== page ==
Following the video from MIT's OCW, the Prof. brings up many different methods, like $row * matrix$, $column * matrix$, etc. Yet don't these all come down to dot product. For example $row * matrix$ would be done using dot product, right? Is the Prof just showing all of these things to show the big picture, or what?

A little bonus: The Prof says that with the multiplication of the matrices A and B (AB) equaling to C, that the rows of C are a combination of the rows of A. Here, the columns of B must be multiplied by the matrix A (column * matrix method) to get one column of C. So, to do this you would end up doing the columns of B times all the rows of A (using dot product, right, question above), yet he says that the columns of C are a combination of the columns of A, is this just because when doing all of the rows, the columns will technically be included?

Thanks for all the help!

  • 2
    $\begingroup$ The definition of matrix multiplication comes down to dot product $\endgroup$
    – Wojowu
    Jul 11 '19 at 15:35
  • $\begingroup$ Alright, thanks, so just to clarify everything else is showing different ways you can use it? Also, could you maybe look at the bonus? Thanks for the extremely quick help! $\endgroup$ Jul 11 '19 at 15:39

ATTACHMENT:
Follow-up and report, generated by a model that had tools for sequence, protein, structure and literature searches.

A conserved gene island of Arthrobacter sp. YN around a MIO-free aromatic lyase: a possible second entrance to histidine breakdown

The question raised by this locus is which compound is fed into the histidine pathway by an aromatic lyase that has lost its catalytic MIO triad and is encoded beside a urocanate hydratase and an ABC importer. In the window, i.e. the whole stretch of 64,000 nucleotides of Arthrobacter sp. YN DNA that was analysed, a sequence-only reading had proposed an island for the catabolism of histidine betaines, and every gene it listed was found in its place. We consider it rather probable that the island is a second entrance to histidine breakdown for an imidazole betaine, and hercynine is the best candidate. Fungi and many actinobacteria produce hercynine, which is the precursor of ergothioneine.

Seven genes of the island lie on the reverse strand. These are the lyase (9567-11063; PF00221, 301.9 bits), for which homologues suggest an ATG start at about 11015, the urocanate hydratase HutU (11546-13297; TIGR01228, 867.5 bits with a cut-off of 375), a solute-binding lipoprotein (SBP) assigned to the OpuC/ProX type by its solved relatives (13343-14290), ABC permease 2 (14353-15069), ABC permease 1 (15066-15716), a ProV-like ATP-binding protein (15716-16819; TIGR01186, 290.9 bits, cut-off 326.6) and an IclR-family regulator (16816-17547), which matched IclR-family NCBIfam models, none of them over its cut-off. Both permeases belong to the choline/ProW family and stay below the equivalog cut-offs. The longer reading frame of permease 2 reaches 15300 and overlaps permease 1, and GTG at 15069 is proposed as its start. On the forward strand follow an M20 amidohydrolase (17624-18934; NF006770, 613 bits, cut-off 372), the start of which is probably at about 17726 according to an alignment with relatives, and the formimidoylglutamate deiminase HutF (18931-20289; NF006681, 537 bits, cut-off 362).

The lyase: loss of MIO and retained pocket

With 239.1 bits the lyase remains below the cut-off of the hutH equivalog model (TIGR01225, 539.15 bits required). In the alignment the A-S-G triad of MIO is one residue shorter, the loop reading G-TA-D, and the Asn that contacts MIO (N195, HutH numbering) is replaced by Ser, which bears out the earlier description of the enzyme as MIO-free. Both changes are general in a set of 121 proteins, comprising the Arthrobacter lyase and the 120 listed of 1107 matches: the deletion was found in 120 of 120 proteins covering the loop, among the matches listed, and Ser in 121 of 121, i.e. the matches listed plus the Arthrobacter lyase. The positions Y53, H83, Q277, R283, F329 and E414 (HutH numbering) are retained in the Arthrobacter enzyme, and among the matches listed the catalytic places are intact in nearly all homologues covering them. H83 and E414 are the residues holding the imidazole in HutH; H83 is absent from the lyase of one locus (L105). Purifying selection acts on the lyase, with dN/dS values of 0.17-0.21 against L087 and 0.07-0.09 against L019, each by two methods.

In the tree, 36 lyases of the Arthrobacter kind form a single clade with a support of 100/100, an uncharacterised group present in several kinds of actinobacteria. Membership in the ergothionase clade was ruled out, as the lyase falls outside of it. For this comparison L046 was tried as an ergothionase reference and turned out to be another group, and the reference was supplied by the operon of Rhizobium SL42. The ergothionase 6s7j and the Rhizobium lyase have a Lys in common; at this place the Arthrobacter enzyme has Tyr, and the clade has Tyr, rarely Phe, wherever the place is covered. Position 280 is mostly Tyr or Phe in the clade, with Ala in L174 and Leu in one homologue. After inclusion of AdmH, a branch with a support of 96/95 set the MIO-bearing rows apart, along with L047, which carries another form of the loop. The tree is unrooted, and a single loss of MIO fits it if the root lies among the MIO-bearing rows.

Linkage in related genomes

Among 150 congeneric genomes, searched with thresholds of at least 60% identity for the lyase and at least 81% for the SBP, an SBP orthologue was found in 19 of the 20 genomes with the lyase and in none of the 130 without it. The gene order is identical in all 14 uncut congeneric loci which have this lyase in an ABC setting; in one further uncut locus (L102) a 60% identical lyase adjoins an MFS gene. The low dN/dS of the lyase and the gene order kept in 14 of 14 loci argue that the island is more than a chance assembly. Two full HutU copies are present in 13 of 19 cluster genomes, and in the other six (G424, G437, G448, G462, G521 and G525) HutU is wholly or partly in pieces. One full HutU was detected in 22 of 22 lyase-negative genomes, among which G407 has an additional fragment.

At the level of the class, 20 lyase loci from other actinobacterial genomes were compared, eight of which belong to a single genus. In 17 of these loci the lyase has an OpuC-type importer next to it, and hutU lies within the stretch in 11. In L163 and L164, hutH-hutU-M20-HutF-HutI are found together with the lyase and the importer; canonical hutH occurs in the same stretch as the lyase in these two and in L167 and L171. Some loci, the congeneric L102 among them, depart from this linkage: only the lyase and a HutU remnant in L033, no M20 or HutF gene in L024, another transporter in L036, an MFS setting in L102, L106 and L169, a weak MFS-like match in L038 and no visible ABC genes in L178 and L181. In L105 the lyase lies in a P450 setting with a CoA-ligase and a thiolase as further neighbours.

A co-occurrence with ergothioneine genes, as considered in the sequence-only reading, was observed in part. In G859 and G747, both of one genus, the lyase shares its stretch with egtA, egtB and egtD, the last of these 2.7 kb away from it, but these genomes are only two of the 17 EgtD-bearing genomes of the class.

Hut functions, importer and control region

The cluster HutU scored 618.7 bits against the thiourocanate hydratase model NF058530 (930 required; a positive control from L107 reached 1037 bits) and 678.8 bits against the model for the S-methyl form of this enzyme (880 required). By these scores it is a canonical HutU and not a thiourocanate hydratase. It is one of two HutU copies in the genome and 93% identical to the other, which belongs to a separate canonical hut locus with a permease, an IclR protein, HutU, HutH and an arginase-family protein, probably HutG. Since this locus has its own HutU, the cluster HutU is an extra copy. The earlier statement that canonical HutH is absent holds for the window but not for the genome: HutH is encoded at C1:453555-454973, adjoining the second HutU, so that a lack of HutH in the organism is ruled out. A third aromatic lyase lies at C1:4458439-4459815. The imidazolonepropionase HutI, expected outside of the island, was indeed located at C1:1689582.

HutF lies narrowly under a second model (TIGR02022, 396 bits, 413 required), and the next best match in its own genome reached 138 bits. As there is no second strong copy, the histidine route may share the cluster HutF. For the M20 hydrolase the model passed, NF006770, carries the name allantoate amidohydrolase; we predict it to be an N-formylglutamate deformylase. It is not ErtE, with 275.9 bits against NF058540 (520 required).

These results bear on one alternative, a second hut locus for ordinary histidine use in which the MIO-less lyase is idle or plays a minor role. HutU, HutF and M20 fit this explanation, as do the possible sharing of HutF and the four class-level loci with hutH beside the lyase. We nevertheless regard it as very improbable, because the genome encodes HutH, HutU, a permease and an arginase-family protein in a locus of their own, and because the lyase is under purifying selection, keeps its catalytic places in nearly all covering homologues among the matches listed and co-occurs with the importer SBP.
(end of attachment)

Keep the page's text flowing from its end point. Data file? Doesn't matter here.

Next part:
• 2
    $\begingroup$ Yes, Dr. Strang is just showing different ways of thinking about it. $\endgroup$
    – saulspatz
    Jul 11 '19 at 15:50
  • $\begingroup$ @saulspatz Alright, thanks a million, you just cleared so much up! $\endgroup$ Jul 11 '19 at 15:54
  • $\begingroup$ @saulspatz Prof. Strang is the best, isn't he! $\endgroup$ Jul 11 '19 at 15:54

Whatever the method, the final result is uniquely defined. So you can say that it amounts to dot products.

For practical reasons, the order of the operations can make a difference in convenience or speed when you multiply on paper or with a computer. When there is numerical truncation, even the values can differ.

  • $\begingroup$ Alright, thanks! Could you please take a look at the bonus? $\endgroup$ Jul 11 '19 at 15:48

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